Matching Items (3)

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Reward-based sensorimotor decision making

Description

Existing theories suggest that evidence is accumulated before making a decision with competing goals. In motor tasks, reward and motor costs have been shown to influence the decision, but the

Existing theories suggest that evidence is accumulated before making a decision with competing goals. In motor tasks, reward and motor costs have been shown to influence the decision, but the interaction between these two variables has not been studied in depth. A novel reward-based sensorimotor decision-making task was developed to investigate how reward and motor costs interact to influence decisions. In human subjects, two targets of varying size and reward were presented. After a series of three tones, subjects initiated a movement as one of the targets disappeared. Reward was awarded when participants reached through the remaining target within a specific amount of time. Subjects had to initiate a movement before they knew which target remained. Reward was found to be the only factor that influenced the initial reach. When reward was increased, there was a lower probability of intermediate movements. Both target size and reward lowered reaction times individually and jointly. This interaction can be interpreted as the effect of the expected value, which suggests that reward and target size are not evaluated independently during motor planning. Curvature, or the changing of motor plans, was driven primarily by the target size. After an initial decision was made, the motor costs to switch plans and hit the target had the largest impact on the curvature. An interaction between the reward and target size was also found for curvature, suggesting that the expected value of the target influences the changing of motor plans. Reward, target size, and the interaction between the two were all significant factors for different parts of the decision-making process.

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Created

Date Created
  • 2019

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A nonlinear analysis of movement variability: stability in a sit to a stand

Description

The human body is a complex system comprised of many parts that can coordinate in a variety of ways to produce controlled action. This creates a challenge for researchers and

The human body is a complex system comprised of many parts that can coordinate in a variety of ways to produce controlled action. This creates a challenge for researchers and clinicians in the treatment of variability in motor control. The current study aims at testing the utility of a nonlinear analysis measure – the Largest Lyapunov exponent (1) – in a whole body movement. Experiment 1 examined this measure, in comparison to traditional linear measure (standard deviation), by having participants perform a sit-to-stand (STS) task on platforms that were either stable or unstable. Results supported the notion that the Lyapunov measure characterized controlled/stable movement across the body more accurately than the traditional standard deviation (SD) measure. Experiment 2 tested this analysis further by presenting participants with an auditory perturbation during performance of the same STS task. Results showed that both the Lyapunov and SD measures failed to detect the perturbation. However, the auditory perturbation may not have been an appropriate perturbation. Limitations of Experiment 2 are discussed, as well as directions for future study.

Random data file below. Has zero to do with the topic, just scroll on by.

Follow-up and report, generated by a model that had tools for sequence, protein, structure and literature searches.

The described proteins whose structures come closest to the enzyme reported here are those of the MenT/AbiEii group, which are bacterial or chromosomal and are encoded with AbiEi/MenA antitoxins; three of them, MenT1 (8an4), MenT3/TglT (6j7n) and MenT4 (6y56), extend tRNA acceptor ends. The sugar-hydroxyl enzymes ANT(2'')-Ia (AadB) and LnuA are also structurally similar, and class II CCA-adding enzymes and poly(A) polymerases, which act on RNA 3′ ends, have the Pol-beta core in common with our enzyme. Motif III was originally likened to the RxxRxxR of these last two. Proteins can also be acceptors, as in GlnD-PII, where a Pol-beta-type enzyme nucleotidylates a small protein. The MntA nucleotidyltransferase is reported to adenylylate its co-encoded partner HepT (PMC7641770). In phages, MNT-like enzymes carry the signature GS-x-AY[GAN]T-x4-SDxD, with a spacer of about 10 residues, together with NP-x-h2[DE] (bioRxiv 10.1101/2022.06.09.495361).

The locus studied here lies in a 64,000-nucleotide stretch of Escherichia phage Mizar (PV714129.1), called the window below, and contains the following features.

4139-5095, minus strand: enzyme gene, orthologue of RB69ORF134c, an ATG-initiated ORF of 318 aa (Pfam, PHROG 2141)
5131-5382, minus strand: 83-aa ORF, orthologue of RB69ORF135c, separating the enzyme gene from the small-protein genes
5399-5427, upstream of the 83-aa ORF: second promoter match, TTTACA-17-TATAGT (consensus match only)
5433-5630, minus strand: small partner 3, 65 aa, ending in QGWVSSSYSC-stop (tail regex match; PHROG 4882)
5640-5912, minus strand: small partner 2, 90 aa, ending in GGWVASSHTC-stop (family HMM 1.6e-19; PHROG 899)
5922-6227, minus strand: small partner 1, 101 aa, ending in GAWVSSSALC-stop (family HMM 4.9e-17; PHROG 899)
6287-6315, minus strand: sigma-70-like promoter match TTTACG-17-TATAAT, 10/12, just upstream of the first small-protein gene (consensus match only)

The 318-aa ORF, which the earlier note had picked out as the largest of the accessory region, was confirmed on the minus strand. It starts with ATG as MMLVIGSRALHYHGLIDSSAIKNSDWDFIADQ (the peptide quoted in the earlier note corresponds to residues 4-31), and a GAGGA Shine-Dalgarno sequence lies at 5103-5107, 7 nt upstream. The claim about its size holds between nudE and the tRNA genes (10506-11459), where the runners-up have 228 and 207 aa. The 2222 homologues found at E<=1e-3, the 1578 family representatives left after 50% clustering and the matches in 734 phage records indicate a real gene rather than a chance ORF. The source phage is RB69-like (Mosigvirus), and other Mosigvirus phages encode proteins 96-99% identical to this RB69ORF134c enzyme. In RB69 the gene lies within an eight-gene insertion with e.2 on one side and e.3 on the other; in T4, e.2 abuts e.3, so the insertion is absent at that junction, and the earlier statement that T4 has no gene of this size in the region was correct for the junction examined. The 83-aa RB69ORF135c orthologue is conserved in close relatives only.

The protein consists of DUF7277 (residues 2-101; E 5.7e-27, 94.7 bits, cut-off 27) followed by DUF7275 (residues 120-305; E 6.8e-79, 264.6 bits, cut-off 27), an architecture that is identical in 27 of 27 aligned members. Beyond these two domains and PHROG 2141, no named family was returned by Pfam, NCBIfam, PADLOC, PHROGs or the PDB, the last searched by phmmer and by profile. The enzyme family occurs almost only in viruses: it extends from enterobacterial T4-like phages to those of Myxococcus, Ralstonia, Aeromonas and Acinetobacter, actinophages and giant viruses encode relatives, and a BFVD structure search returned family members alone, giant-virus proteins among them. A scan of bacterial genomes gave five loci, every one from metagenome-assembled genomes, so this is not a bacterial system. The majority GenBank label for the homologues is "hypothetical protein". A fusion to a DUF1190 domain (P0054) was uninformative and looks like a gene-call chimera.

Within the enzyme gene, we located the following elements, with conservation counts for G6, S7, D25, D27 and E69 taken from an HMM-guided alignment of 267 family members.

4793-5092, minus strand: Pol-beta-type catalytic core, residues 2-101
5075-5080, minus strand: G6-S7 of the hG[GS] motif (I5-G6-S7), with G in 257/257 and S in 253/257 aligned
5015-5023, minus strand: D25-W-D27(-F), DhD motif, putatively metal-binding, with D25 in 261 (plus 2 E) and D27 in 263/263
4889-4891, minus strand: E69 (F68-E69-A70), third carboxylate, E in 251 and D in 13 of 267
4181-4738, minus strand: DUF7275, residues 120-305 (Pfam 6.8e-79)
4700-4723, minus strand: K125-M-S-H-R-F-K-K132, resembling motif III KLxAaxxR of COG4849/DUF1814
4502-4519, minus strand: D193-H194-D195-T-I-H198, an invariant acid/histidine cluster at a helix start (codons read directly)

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Created

Date Created
  • 2016

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Asymmetries in interpersonal coordination: recruiting degrees-of-freedom stabilizes coordination

Description

The current paper presents two studies that examine how asymmetries during interpersonal coordination are compensated for. It was predicted that destabilizing effects of asymmetries are stabilized through the recruitment and

The current paper presents two studies that examine how asymmetries during interpersonal coordination are compensated for. It was predicted that destabilizing effects of asymmetries are stabilized through the recruitment and suppression of motor degrees-of-freedom (df). Experiment 1 examined this effect by having participants coordinate line movements of different orientations. Greater differences in asymmetries between participants yielded greater spatial deviation, resulting in the recruitment of df. Experiment 2 examined whether coordination of movements asymmetrical in shape (circle and line) yield simultaneous recruitment and suppression of df. This experiment also tested whether the initial stability of the performed movement alters the amount of change in df. Results showed that changes in df were exhibited as circles decreasing in circularity and lines increasing in circularity. Further, more changes in df were found circular (suppression) compared to line (recruitment) movements.

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Created

Date Created
  • 2013